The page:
All of them, those in power, and those who want the power, would pamper us, if we agreed to overlook their crookedness by wilfully restricting our activities.
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A 69-year-old Texas man trying to leave the Church of Scientology in a taxicab was kept from doing so by sect members until Clearwater police intervened, according to police records.
Sect member William B. Wilson of Midland, Texas, was trying to leave the sect's headquarters at 210 S. Fort Harrison Ave., at 4 p.m. Monday when a car and a pickup truck blocked the cab's path, reports state.
Police said the driver of one of the cars — Henry C. Billings, who gave his home address as that of the sect — said he was told to block Wilson's cab and he merely followed ... orders" in doing so.
Wilson, who police said was "reluctant" to offer any information about himself, declined to file a complaint and left in the cab.
On Tuesday, sect spokesman Hugh Wilhere described the incident as a "misunderstanding," but refused to elaborate.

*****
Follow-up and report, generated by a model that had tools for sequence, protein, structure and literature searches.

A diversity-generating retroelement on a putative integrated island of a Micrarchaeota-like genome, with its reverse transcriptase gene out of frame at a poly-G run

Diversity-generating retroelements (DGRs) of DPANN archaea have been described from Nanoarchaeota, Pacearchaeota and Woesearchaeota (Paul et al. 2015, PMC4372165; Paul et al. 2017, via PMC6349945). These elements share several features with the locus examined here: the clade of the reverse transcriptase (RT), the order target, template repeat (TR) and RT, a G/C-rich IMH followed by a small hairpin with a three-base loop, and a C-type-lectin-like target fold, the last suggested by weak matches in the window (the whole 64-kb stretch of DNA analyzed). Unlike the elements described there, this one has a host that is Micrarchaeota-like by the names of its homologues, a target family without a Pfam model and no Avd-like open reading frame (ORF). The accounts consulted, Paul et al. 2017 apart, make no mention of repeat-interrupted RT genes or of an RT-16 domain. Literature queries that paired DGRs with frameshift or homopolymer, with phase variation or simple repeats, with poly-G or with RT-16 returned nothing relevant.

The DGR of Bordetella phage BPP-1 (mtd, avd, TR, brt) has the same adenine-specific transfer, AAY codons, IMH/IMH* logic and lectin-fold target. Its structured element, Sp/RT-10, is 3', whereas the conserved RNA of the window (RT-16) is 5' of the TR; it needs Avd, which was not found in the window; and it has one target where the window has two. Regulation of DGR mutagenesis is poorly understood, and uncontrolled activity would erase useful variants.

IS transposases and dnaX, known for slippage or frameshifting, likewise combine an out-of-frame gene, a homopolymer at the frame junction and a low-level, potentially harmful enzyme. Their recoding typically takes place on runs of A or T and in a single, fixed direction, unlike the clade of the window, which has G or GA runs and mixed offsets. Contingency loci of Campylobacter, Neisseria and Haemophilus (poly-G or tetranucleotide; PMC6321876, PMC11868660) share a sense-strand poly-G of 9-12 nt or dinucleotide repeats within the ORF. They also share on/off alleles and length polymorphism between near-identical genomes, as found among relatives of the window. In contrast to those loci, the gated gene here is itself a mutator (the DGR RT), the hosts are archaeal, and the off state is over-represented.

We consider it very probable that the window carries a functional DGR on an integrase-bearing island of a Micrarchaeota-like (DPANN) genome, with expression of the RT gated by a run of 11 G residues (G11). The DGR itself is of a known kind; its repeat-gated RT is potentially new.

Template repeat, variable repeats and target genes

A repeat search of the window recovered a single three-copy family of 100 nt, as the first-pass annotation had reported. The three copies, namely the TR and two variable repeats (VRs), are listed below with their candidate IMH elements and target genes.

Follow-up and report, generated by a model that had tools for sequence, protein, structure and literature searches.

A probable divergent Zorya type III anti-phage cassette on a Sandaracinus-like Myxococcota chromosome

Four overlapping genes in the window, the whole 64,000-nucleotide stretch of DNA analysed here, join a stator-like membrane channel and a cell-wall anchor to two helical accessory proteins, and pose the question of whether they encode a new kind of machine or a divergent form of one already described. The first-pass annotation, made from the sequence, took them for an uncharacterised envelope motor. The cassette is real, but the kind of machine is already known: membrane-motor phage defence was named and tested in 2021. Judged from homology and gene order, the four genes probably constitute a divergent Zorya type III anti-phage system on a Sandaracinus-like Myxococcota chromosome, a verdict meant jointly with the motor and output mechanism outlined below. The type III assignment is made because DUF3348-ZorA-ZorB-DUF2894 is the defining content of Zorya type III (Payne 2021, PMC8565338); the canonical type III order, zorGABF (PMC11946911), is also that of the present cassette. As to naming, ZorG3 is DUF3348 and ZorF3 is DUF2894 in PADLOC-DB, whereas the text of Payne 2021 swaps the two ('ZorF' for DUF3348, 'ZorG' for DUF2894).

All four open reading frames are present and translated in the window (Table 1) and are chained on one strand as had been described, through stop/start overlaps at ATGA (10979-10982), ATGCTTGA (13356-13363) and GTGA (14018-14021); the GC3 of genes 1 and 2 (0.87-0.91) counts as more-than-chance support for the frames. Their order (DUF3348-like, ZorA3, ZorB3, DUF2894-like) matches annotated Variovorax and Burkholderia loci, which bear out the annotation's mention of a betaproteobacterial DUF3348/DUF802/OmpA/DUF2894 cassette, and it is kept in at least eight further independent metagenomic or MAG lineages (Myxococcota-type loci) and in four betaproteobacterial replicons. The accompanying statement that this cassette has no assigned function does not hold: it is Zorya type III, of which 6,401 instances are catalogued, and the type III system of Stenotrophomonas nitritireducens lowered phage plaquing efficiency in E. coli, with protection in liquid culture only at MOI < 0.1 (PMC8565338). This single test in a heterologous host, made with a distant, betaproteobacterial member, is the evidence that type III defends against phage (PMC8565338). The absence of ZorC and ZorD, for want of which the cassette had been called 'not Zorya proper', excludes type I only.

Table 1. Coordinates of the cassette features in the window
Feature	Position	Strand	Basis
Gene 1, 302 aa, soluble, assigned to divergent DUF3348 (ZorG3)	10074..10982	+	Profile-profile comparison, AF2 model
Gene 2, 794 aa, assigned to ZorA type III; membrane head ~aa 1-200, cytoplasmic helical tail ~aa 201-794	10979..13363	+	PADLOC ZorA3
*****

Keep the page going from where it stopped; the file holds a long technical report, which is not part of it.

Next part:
"I think somebody didn't realize he was leaving," Wilhere said of Wilson. "I think he's entitled to his privacy — it came down to a misunderstanding."
The cabbie, Garry Vinyard of Yellow Cab, said, "All I know is that the guy was scared."
Vinyard said that he tried to stick up for his customer and soon found himself confronted with "about five" members of the sect, who wanted Wilson's suitcases Wilson's suitcases from the trunk of the cab.
"I said, 'Sorry buddy, you're not getting anything out of this cab,' " Vinyard said, adding that he then called the police. Vinyard took his fare to Tampa International Airport after the police arrived to investigate the incident.
Wilhere said, "No," when asked whether the incident stemmed from a dispute about a refund or any methods involved in counseling offered by the sect.
The sect spokesman also said that Wilson will be returning to Clearwater.
Wilson could not be reached for comment. A woman who answered the telephone at Wilson's Texas residence said he was en route to Midland.